Practice snaps up Cheshire-based Architect-CT and plans to open further regional offices

Paul Brook of Architect-CT and Darling Associates founder Chris Darling

Paul Brook of Architect-CT and Darling Associates founder Chris Darling

Darling Associates has unveiled plans to significantly increase its staff numbers and regional profile with the acquisition of existing firms – the first of which will see it opening a Manchester base.

The practice, which has close on 90 staff in offices in London and Poland, has bought Wilmslow-based Architect-CT, which has headcount of around 30, and plans to move the business 10 miles north to Manchester.

Managing director Chris Darling said the practice was also considering establishing offices in Edinburgh and the south west with a view to potentially increasing staff numbers to 200 within the next five years.

“Our business has been doing extremely well over the past couple of years, and we wanted to keep our foot on the gas,” he said.

Darling Associates’ most recent annual accounts, published in July last year, reported turnover growing 26% to £6.31m in 2016-17. The firm said pre-tax profit was up 52% to £1.53m.

“To get into a local market, you really must be there. They don’t want to deal with people who are commuting up and down on trains,” Darling said.

“We’ve got live projects in Bristol, Exeter, and Plymouth, and they’re all substantial – £40m, £60m, £80m projects, so we’ve got enough workflow to justify a studio down that way. That’s something I’m actively looking at. And something in Edinburgh, I think, would be interesting.”

120 Moorgate by Darling Associates

Darling Associates’ 120 Moorgate scheme for co-working business We Work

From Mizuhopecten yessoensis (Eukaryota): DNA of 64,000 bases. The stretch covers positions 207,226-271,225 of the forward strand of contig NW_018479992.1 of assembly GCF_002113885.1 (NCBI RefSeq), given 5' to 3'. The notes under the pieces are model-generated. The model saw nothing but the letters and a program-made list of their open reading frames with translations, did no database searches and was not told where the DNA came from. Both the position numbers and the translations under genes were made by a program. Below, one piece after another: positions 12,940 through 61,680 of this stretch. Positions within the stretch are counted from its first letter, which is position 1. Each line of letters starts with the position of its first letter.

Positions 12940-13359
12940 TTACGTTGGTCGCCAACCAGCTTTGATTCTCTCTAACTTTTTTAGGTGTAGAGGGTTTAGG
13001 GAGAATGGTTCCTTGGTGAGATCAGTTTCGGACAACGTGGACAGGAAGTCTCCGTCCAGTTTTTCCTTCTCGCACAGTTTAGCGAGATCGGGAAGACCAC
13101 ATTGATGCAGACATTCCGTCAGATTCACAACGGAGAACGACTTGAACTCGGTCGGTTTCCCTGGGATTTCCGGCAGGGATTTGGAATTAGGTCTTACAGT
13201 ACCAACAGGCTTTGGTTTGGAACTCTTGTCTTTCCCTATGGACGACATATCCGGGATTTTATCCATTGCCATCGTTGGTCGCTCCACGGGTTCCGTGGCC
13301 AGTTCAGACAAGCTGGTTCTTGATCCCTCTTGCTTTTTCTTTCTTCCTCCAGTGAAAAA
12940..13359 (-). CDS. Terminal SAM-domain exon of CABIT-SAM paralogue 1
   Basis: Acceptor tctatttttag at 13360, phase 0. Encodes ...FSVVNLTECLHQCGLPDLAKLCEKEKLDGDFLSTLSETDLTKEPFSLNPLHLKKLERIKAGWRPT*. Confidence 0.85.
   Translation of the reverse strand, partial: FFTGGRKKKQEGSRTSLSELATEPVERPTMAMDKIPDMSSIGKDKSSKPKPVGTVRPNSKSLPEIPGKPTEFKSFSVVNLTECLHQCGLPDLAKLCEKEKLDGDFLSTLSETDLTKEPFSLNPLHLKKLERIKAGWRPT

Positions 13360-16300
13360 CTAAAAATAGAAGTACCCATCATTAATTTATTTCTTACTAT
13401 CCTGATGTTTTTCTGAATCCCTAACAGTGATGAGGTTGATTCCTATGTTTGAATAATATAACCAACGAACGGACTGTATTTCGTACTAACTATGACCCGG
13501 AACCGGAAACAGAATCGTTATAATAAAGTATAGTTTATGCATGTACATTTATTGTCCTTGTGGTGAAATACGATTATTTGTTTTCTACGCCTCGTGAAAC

In relation to Architect-CT, Darling said the hotel and hospitality specialist was being bought “lock, stock and barrel” from director Paul Brook, who was expected to remain with the firm over a two-year transition period before retiring.

“They’re in two sectors that we’re not really in, so it gives us diversity and it gives us geographical diversity,” he said.

“The studio’s doing really well at the moment. We don’t want to come in and radically change anything. But gradually over the two-year period the businesses will be brought together so we’re all running as one consistent team.”

However he added that a Manchester base would give Darling Associates a platform to develop its mainstay residential and office offer in the north west.

Darling said he believed hitting a staff headcount of 200 over the next few years was a “reasonable objective” that would give the practice the capacity to handle the workloads it envisaged.

“With this acquisition we’ll be 120. I don’t see why we couldn’t over the next three to four years push that on to 200,” he said.

“Once you get to that kind of size as a practice you tend to have a greater momentum and you have a proportionately higher profile as well.

“At that kind of level you have the ability to do a huge diversity of projects. We’ve got several projects in excess of £200m, but they’re sucking in 20 people each. For a practice of our size, that’s a big proportion on one project.

“I’m an ambitious person, and I want to go forward and see where we hit our ceiling.”